The undulant sun gear and ring gear couplings of the present invention are of continuous construction, that is, there are no readily separable joints such as bolted flanges along the longitudinal length of the couplings. The ring gear coupling is made from a continuous sheet of metal which is cold formed in a mold into the desired undulant shape and subsequently bent to bring its lateral edges into abutting contact. The abutting lateral edges are then welded together. The sun gear coupling is made of three forged, machined pieces 202, 204, 206 which are electron beam welded at weld joints 208 and 210 (not readily discernible in the finished part) to form a continuous coupling. The region of each ring 64 immediately adjacent the weld joint is thicker than the rest of the ring to reduce stresses by maximizing the surface area over which forces acting on the joint are distributed. The continuous character of the couplings provides greater flexibility than could be obtained with a bolted flange in an equivalent radial space.

The coupling system provides unique operational advantages not available with prior art couplings. The sun gear and ring gear couplings are rigid with respect to torsion about the longitudinal axis and consequently transmit or resist high torque about the longitudinal axis. Within the elastic limits of the materials used for their construction, the couplings are flexible with respect to torsion about lateral and vertical axes and with respect to translation along all three axes. If, for example, the drive shaft 24 becomes misaligned with the longitudinal axis 28, the sun gear coupling flexes to ensure that the sun gear axis remains at or near its ideal orientation thereby maintaining optimum contact between the sun gear and planet gear teeth. If the flexible coupling were not present, the misalignment of the shaft would reorient the sun gear and impose additional stress on the meshing sun gear and planet gear teeth. The coupling system of the present invention achieves such flexibility without the mechanical complexity of multiple constituent parts characteristic of some prior art couplings. Moreover, the couplings of the present system require no lubrication and are radially compact.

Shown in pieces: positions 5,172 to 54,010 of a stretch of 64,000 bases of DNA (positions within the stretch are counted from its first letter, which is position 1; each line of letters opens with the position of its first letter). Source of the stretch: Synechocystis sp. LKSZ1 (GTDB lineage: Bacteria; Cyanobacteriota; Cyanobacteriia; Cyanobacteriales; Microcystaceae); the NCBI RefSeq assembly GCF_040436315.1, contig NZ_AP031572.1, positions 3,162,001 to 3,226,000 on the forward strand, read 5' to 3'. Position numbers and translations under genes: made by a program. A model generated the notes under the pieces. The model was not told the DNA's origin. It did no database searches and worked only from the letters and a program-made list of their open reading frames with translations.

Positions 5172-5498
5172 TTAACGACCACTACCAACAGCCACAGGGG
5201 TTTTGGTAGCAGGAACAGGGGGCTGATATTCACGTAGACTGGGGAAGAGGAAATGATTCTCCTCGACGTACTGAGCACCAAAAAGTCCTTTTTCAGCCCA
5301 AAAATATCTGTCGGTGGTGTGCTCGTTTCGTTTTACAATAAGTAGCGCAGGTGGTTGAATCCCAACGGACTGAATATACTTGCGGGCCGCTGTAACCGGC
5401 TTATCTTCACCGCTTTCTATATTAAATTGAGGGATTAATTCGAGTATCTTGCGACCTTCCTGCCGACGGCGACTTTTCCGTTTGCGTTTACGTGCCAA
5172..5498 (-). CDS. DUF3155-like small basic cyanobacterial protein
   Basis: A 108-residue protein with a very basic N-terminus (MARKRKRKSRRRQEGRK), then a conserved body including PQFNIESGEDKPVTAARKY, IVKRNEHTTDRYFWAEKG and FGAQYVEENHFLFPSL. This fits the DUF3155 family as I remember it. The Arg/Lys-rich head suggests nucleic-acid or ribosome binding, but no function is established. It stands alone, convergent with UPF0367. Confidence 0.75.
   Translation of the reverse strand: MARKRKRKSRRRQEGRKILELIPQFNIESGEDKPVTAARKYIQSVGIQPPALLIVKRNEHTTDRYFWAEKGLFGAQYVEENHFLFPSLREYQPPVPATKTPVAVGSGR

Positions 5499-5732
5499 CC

The best mode for carrying out the invention was presented in the context of a speed reducing planetary gear train whose sun gear accepts an input from an external source of rotary motion and whose planet carrier drives an external rotary device. However the invention is equally applicable to a speed amplifying gear train whose input is directed to the planet carrier and whose output is delivered by the sun gear.

The best mode for carrying out the invention also describes the combined use of the undulant sun gear coupling and ring gear coupling to achieve maximum tolerance to parallel and angular misalignments. In less demanding applications it may be acceptable to use a single undulant coupling to connect one of the sun gear and planet carrier to a first external device while using a more conventional coupling for connecting the other of the sun gear and planet carrier to a second external device.

The damper formed by the cooperation of the first and second supports has been described as a squeeze film damper, however other dampers, such as an elastic material can be introduced into the gap between the inner and outer supports to damp vibrations normally encountered during operation.

These and other modifications to the invention can be made without departing from the spirit and scope of the appended claims.

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Classifications
U.S. Classification475/346
International ClassificationF02K3/06, F16F15/16, F16H1/48, F16H1/28, F16D3/80
Cooperative ClassificationY02T50/671, F05D2240/62, F16H1/2809, F01D5/02, F01D5/026
European ClassificationF16H1/28B
Legal Events
DateCodeEventDescription
Dec 18, 2006FPAYFee payment
Year of fee payment: 12
Jan 16, 2003FPAYFee payment
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Dec 18, 1998FPAYFee payment
Year of fee payment: 4
Jun 11, 1996CCCertificate of correction
Apr 12, 1994ASAssignment
Owner name: UNITED TECHNOLOGIES CORPORATION, CONNECTICUT
Free format text: ASSIGNMENT OF ASSIGNORS INTEREST;ASSIGNORS:SHERIDAN, WILLIAM G.;PAGLUCIA, GINO J.;REEL/FRAME:006966/0204
Effective date: 19940412